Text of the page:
Will the Revived JCPOA Survive? Implications of the Renewed Iran Nuclear Agreement

Against all odds, nuclear negotiators managed to revive the Iran nuclear agreement earlier today. By blocking Iran’s pathway to a nuclear weapon, there is little doubt that the deal serves U.S. interests. Nor can there be any doubt that the U.S. is better off with the agreement than without. Yet as important as this achievement is, can this agreement survive and avoid the same fate as the 2015 agreement? Will it be able to withstand political winds in Washington? Will the Raisi government in Iran comply with the agreement despite its misgivings about America’s commitment to the deal beyond 2025? What are the regional implications of the deal? Will it push Saudi-UAE-Iranian diplomacy forward or will it set it back? Israel has opposed the deal but is increasingly finding itself isolated in its opposition. How will Israel navigate the new landscape with the JCPOA being back in play? Join us for a conversation addressing these issues with Aaron David Miller of the Carnegie Endowment, Vali Nasr of Johns Hopkins SAIS, and Suzanne DiMaggio of the Carnegie Endowment and the Quincy Institute. Trita Parsi of the Quincy Institute will moderate. The discussion will take place on Monday, March 21 from 11 am to noon EDT. REGISTER FOR EVENT


Vali Nasr

Vali Nasr is the Majid Khadduri Professor of International Affairs and Middle East Studies at the Johns Hopkins University School of Advanced International Studies (SAIS), and a Non-Resident Senior Fellow at Atlantic Council’s South Asia Center. He served as the eighth Dean of Johns Hopkins SAIS between 2012 and 2019 and served as Senior Advisor to U.S. Special Representative for Afghanistan and Pakistan, Ambassador Richard Holbrooke between 2009 and 2011.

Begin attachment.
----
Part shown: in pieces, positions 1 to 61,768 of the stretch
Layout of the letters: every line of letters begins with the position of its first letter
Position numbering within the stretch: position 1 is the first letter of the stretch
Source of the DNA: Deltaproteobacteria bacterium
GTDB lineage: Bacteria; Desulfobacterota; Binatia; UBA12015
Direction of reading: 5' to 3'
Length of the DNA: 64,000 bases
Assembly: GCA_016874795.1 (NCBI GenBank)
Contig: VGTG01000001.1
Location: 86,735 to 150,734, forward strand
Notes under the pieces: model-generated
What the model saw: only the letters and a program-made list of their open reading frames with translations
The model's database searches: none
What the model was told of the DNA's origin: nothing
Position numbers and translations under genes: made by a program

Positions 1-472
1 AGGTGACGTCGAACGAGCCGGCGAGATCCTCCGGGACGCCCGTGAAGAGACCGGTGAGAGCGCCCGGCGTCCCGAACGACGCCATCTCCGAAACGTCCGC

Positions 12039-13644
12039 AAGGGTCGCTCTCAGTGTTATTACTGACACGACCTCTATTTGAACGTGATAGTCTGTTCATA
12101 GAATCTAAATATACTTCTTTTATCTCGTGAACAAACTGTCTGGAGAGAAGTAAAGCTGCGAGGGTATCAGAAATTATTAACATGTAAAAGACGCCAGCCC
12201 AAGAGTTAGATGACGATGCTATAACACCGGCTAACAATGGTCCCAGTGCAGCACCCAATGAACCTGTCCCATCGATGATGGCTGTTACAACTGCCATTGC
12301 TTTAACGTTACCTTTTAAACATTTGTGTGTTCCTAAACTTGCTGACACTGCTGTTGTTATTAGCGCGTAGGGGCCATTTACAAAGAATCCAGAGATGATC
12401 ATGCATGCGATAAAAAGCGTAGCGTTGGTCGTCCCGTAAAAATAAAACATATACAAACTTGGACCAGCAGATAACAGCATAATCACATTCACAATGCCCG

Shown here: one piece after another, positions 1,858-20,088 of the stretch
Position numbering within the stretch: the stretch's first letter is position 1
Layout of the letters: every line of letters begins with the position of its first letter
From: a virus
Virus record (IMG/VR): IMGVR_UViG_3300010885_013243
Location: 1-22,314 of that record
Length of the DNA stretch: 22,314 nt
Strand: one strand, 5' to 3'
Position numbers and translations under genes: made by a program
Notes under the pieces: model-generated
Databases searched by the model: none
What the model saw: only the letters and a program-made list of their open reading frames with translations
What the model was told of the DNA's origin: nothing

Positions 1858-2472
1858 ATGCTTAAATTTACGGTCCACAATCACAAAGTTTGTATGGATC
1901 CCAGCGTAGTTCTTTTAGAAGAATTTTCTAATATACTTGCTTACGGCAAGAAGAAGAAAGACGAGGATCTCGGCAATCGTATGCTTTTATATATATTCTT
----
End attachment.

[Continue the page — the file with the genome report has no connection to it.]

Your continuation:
Suzanne DiMaggio

Suzanne DiMaggio is a senior fellow at the Carnegie Endowment for International Peace, where she focuses on U.S. foreign policy toward the Middle East and Asia. She is one of the foremost experts and practitioners of diplomatic dialogues with countries that have limited or no official relations with the United States, especially Iran and North Korea. For nearly two decades, she has led these track 1.5 and track 2 conversations to help policymakers identify pathways for diplomatic progress on a range of issues, including regional security, nonproliferation, terrorism, and governance.

Aaron David Miller

Aaron David Miller is a senior fellow at the Carnegie Endowment for International Peace, focusing on U.S. foreign policy. He has written five books, including his most recent, The End of Greatness: Why America Can’t Have (and Doesn’t Want) Another Great President (2014) and The Much Too Promised Land: America’s Elusive Search for Arab-Israeli Peace (2008). He received his PhD in Middle East and U.S. diplomatic history from the University of Michigan in 1977.

Trita Parsi (Moderator)

Trita Parsi, PhD, is an award-winning author and the 2010 recipient of the Grawemeyer Award for Ideas Improving World Order. He is an expert on US-Iranian relations, Iranian foreign politics, and the geopolitics of the Middle East. He is the co-founder and former President of the National Iranian American Council. He received his PhD in foreign policy at Johns Hopkins’ School for Advanced International Studies, a Master's Degree in International Relations from Uppsala University, and a Master's Degree in Economics from the Stockholm School of Economics.